What Causes Dyslexia?

While scientists have a good idea of which parts of the brain are affected by dyslexia, it’s not yet clear what’s going wrong in those areas of a dyslexic brain. The uncertainty makes it difficult to find the cause (or causes) of the disorder.

Although researchers have not discovered what causes dyslexia, they do know some things that don’t cause it. Dyslexics do not have vision or hearing problems that make them unable to see or hear language correctly, and there is no other physical trigger for the disorder. Dyslexia is also not part of a bigger cognitive problem; dyslexics don’t have below-average intelligence, and some, in fact, have above-average intelligence.

The root of the disorder seems to lie in a problem that surfaces while a child’s brain is developing early on. The cause of the developmental abnormality remains unknown, but a few risk factors seem to play a role.

  • Family history. Children with a family history of dyslexia are at increased risk of having the disorder themselves.
  • Low birth weight
  • Exposure of the mother to nicotine, alcohol, or other toxins during pregnancy

*The medical information we gather and publish is vetted and intended to be up to date, accurate and express a spectrum of recognized scientific and medical points of view. The information comes from a nucleus of informed scientists, medical doctors, peer-reviewed scientific journals and the National Institute of Health. Please note, differing points of view among scientists and physicians are common. Every effort is employed to ensure the accuracy of these different points of view. That notwithstanding, it is incumbent on persons using this information to consult with his/her physician before reaching any conclusions. Our medical information and publications are not intended to be a substitute for consultation with one’s physician.

Is Dyslexia Hereditary?

Children who have a history of dyslexia in their families have a much greater risk than the general population of having the disorder. Studies have demonstrated that a child whose parent has dyslexia has between a 40% and 60% chance of being dyslexic.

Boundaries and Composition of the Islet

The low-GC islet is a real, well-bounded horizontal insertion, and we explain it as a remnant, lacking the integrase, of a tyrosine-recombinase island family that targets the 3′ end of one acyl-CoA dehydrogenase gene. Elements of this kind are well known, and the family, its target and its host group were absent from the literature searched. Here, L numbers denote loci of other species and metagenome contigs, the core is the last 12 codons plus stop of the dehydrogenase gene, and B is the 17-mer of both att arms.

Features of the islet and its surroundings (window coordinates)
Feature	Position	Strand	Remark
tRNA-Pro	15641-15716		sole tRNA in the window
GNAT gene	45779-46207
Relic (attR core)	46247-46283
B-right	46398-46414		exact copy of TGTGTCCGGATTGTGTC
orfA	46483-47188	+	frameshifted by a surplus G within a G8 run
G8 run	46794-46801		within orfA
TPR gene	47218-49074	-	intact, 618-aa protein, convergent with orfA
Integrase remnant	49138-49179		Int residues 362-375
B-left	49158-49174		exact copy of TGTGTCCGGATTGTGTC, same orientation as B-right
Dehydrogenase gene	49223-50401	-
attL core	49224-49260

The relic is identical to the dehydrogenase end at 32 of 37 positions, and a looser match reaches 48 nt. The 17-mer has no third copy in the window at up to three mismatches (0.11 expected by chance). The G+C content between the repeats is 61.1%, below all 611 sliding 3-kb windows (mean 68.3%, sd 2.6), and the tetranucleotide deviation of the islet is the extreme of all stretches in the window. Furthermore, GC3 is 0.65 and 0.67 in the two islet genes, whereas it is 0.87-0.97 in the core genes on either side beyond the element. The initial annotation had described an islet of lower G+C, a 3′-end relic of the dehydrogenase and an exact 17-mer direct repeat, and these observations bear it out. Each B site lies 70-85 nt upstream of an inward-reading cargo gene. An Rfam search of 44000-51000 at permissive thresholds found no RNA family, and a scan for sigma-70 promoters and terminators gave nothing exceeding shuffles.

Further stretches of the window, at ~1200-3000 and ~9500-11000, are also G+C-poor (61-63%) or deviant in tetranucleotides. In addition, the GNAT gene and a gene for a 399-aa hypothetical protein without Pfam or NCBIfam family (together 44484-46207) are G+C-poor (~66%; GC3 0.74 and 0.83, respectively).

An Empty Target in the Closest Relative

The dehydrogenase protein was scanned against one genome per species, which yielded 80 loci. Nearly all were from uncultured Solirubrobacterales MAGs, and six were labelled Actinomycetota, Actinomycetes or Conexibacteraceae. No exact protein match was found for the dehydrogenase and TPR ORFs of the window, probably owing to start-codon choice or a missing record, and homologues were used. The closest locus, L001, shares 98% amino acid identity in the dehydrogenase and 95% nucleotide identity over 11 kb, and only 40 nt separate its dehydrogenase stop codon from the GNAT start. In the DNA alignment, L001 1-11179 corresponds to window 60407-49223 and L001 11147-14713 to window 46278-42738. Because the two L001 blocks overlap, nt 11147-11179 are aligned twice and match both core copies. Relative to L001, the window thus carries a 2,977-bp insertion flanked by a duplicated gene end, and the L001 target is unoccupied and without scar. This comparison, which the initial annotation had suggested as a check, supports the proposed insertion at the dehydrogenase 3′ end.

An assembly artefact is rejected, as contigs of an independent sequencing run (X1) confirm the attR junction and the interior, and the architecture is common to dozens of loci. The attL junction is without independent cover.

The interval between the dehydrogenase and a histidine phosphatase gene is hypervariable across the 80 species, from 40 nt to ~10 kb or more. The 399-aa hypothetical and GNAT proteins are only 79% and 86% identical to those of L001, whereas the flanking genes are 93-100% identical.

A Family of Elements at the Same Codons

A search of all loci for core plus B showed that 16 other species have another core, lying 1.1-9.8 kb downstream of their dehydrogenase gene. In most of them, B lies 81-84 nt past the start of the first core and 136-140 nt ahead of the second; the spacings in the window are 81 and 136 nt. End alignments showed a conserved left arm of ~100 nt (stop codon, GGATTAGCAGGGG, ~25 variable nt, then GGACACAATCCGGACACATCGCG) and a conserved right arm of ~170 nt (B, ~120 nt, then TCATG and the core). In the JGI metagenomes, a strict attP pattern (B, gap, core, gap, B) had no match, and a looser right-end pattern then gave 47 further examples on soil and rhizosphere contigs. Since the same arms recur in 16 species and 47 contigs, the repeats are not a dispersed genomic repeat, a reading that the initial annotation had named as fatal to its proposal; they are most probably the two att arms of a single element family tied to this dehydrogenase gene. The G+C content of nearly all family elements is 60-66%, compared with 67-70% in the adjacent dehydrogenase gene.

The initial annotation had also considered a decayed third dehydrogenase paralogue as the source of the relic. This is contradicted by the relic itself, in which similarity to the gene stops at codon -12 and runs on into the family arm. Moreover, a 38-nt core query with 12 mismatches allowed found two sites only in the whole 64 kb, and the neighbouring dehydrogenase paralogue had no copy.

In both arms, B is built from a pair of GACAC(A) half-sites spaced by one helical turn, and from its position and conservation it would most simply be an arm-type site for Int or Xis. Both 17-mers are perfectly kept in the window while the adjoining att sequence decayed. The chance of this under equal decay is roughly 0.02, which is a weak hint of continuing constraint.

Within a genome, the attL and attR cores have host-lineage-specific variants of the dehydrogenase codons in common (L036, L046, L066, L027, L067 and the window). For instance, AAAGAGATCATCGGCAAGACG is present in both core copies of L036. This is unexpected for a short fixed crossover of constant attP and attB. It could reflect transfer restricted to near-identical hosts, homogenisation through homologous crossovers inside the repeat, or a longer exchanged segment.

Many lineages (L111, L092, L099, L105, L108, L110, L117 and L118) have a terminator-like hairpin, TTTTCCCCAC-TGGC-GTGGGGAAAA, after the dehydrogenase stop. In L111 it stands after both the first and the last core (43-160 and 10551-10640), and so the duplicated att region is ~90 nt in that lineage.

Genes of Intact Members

Environmental factors could play a role in the prevalence of dyslexia within families, but studies of identical twins–who are genetically identical to one another–suggest that genetic similarities are at least part of the reason for increased risk in some families.

Researchers have not yet been able to determine which genes or gene variants might contribute to the risk of developing dyslexia. Studies have narrowed the possibilities to a handful of likely culprits. The process of neurological development that results in dyslexia is complex, however, and it’s likely that there is not a single genetic cause for the disorder. It’s more likely that an interplay of multiple genes and environmental factors is to blame.

*The medical information we gather and publish is vetted and intended to be up to date, accurate and express a spectrum of recognized scientific and medical points of view. The information comes from a nucleus of informed scientists, medical doctors, peer-reviewed scientific journals and the National Institute of Health. Please note, differing points of view among scientists and physicians are common. Every effort is employed to ensure the accuracy of these different points of view. That notwithstanding, it is incumbent on persons using this information to consult with his/her physician before reaching any conclusions. Our medical information and publications are not intended to be a substitute for consultation with one’s physician.

How Is Dyslexia Detected?